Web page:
Jacinda Ardern has defended her government’s role in freeing two Kiwi influencers from Iran, saying the episode did not compromise New Zealand’s position on Tehran’s brutal repression of civil unrest.
However, with Expedition Earth pair Topher Richwhite and Bridget Thackwray now released from detention, New Zealand is now stepping up its criticism of the Iranian regime.
On Monday, foreign minister Nanaia Mahuta said New Zealand hoped to send a “strong signal” by withdrawing from bilateral human rights talks with Iran.
“Aotearoa New Zealand continues to be appalled by the use of force by Iranian authorities in response to peaceful demonstrations following the death of Mahsa Amini last month,” she said.
“Violence against women, girls or any other members of Iranian society to prevent their exercise of universal human rights is unacceptable and must end.”
Victorian Greens make case for four-day working week
A four-day working week has been pushed back onto the Victorian election agenda despite both major parties rejecting the idea.
Victorian Greens leader, Samantha Ratnam, on Monday pitched a $60m fund to help a transition to a four-day working week.
Under the two-year trial, Victorian-owned entities and departments with less than $50m in annual turnover would be eligible to apply for the funding.
Female-dominated workplaces would be prioritised and the cash used to increase staff numbers in frontline workplaces, or support systems and technology within workplaces to adapt to a new schedule.
Workplaces would transition full-time staff to four days with no loss of pay or entitlements, while part-time workers would get a proportional reduction in working hours or an equivalent pay rise.
Similar pilot programs have been launched in Canada, the United States and Ireland, with outstanding results, Ratnam said.
“Workers often achieve the same or greater output, and with a much more reasonable work-life balance,” she said.
Legal doubts over robodebt raised with government department in 2014, inquiry hears
The Department of Social Services held internal legal and policy advice casting doubt on the legality of the robodebt scheme almost five years before the Coalition government accepted it was unlawful, a royal commission has heard.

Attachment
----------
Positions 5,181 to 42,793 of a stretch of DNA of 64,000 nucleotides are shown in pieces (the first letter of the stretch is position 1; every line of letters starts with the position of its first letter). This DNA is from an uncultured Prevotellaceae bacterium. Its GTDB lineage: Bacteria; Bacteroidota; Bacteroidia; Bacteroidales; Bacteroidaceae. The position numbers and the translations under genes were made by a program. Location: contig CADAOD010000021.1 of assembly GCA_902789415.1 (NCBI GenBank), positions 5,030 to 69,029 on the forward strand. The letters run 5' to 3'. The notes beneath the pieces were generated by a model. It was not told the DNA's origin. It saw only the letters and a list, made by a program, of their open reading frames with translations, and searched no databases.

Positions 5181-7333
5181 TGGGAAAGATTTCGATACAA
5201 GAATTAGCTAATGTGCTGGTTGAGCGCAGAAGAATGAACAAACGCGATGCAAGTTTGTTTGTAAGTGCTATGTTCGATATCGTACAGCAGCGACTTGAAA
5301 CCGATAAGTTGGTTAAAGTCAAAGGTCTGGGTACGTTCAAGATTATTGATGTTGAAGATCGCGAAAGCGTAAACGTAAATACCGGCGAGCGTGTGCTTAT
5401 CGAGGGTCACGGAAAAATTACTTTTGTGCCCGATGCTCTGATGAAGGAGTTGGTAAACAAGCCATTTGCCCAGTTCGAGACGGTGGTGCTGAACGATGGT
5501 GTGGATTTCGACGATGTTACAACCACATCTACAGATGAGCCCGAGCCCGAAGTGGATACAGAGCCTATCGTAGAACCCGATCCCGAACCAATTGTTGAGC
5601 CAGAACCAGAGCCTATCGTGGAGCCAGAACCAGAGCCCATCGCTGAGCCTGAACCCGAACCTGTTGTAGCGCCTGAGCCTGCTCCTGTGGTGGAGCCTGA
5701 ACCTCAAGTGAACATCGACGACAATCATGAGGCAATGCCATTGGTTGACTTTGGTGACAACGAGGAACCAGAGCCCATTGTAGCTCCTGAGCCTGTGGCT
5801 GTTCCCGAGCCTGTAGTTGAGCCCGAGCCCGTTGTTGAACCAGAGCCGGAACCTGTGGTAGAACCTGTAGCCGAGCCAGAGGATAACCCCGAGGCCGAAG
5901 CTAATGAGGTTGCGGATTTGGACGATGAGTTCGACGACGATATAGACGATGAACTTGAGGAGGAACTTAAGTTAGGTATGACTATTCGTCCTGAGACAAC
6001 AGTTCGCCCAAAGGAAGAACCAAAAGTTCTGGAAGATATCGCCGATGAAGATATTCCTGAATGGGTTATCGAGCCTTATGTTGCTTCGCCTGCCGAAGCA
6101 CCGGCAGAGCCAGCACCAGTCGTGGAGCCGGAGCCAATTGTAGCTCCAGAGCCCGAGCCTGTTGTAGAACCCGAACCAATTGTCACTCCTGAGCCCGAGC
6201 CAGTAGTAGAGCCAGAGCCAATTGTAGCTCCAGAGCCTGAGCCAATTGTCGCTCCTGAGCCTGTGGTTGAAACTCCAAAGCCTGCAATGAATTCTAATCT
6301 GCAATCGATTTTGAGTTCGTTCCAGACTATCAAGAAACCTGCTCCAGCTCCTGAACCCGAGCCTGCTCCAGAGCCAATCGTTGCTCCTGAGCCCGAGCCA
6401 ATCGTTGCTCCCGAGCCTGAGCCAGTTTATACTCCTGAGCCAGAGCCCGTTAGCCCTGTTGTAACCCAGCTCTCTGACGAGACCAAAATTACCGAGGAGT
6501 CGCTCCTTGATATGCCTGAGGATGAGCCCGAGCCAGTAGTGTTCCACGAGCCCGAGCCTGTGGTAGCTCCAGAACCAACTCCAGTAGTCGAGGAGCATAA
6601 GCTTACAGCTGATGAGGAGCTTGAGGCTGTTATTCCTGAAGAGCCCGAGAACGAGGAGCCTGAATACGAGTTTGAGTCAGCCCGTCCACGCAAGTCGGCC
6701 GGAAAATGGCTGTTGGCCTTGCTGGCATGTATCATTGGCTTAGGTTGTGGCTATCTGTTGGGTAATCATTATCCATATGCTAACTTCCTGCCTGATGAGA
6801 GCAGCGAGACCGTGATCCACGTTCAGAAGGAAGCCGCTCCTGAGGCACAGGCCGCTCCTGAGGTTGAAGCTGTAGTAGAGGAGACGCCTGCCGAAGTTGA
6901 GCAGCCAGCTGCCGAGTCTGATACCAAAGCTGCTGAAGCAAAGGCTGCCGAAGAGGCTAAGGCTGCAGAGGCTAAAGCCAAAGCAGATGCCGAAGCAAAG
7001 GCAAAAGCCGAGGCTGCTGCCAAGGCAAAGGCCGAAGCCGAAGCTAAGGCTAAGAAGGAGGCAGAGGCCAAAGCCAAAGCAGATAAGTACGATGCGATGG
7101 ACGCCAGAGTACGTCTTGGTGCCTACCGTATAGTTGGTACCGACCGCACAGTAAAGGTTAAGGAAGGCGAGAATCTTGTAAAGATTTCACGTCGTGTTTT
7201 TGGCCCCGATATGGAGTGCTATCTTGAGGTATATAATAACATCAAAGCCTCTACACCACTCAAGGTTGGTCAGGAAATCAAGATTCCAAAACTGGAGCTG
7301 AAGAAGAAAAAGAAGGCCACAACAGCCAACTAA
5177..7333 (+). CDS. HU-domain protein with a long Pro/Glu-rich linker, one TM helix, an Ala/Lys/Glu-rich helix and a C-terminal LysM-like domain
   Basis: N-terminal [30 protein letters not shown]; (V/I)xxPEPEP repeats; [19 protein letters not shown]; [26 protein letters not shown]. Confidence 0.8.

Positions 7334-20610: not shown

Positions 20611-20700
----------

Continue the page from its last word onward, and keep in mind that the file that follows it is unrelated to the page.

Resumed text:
The inquiry, called by the Albanese government, is investigating a botched Centrelink scheme that ended in a $1.8bn settlement between the commonwealth and hundreds of thousands of people issued unlawful social security debts.
Victorian budget deficit to be $1.82bn higher
Victoria is set to record a $1.82bn higher than expected deficit this financial year but has revised net debt forecasts down.
A mid-financial-year update, released on Monday ahead of the government entering caretaker mode, shows Victoria is forecast to post a $9.68bn deficit for 2022/23.
That’s up from the $7.86bn estimate given in the May state budget.
“The risks to Victoria’s outlook are elevated and include uncertainty around the outlook for domestic and global inflation, interest rates, geopolitical conditions, recent flood events and ongoing impacts of the Covid-19 pandemic,” it said.
However, Victoria’s total net debt by mid 2026 has been revised down to $115.6bn from $118.5bn.
The treasurer, Tim Pallas, said the improved debt position was largely attributable to the government’s VicRoads joint venture, which netted the state $7.9bn.
“We did better than we expected in that transaction,” he told reporters.
“We hadn’t provisioned that much and that effectively is the difference between those debt numbers.”
The cash has been put into a future fund to help pay down Victoria’s spiralling debt and doesn’t count against this financial year’s operating result.
“It’s essentially a capital injection,” he said.
Defence contractor holds up to 40,000 personnel records
The contractor that was targeted in a malware attack held 30,000 to 40,000 records relating to Australian defence department employees, the minister for veterans’ affairs and defence personnel has confirmed.
The minister, Matt Keogh, confirmed that while that was the extent of the data held by ForceNet, a communications platform used by defence, there was no indication that data had been compromised.
Keogh also said defence was working to establish which current and former employees had data on the system.
He said during a press conference in Hobart earlier:
We’re working with that external provider to make sure we’ve got a full picture of what sort of data was there and available. We understand it may have been about 30 to 40,000 records that they held. So we’re not saying that that’s what’s out there but that’s what the external provider held. But we’re working now to get a full picture of who those individuals might have been and, as I say, we’ve provided information about how people can get in order additional information they may need.
Keogh said there had been no impact on defence systems:
Defence has communicated with staff around making sure that people, in effect, remain vigilant around their personal information in light of recent cyber security attacks we’ve seen from a number of organisations in Australia.
And also to let Defence staff know that an external contractor has been the subject of a ransomware attack. That external contractor was providing…like an internal social media platform which has data from 2018 regarding Defence personnel.
We haven’t seen any evidence of that information being made available to anyone as a result of that attack, but we just want to make sure that all Defence staff and personnel remain vigilant, and we’re working with that external contractor now to make sure we get the best picture of what has occurred so that they’ve got the best support to ensure the security of their data as well.
Keogh said the recent spate of cyber attacks in Australia, which include those targeting Optus and Medibank, were concerning, and highlighted the need for individuals to be vigilant about their personal information, and for governments to ensure the security measures employed by organisations were sufficient.
I think it’s all Australians – and rightly the Australian government – is quite concerned about this sort of cyber activity that’s occurring, people seeking through nefarious means to get access to others’ personal data as a way of trying to steal identities and swoop people’s identification.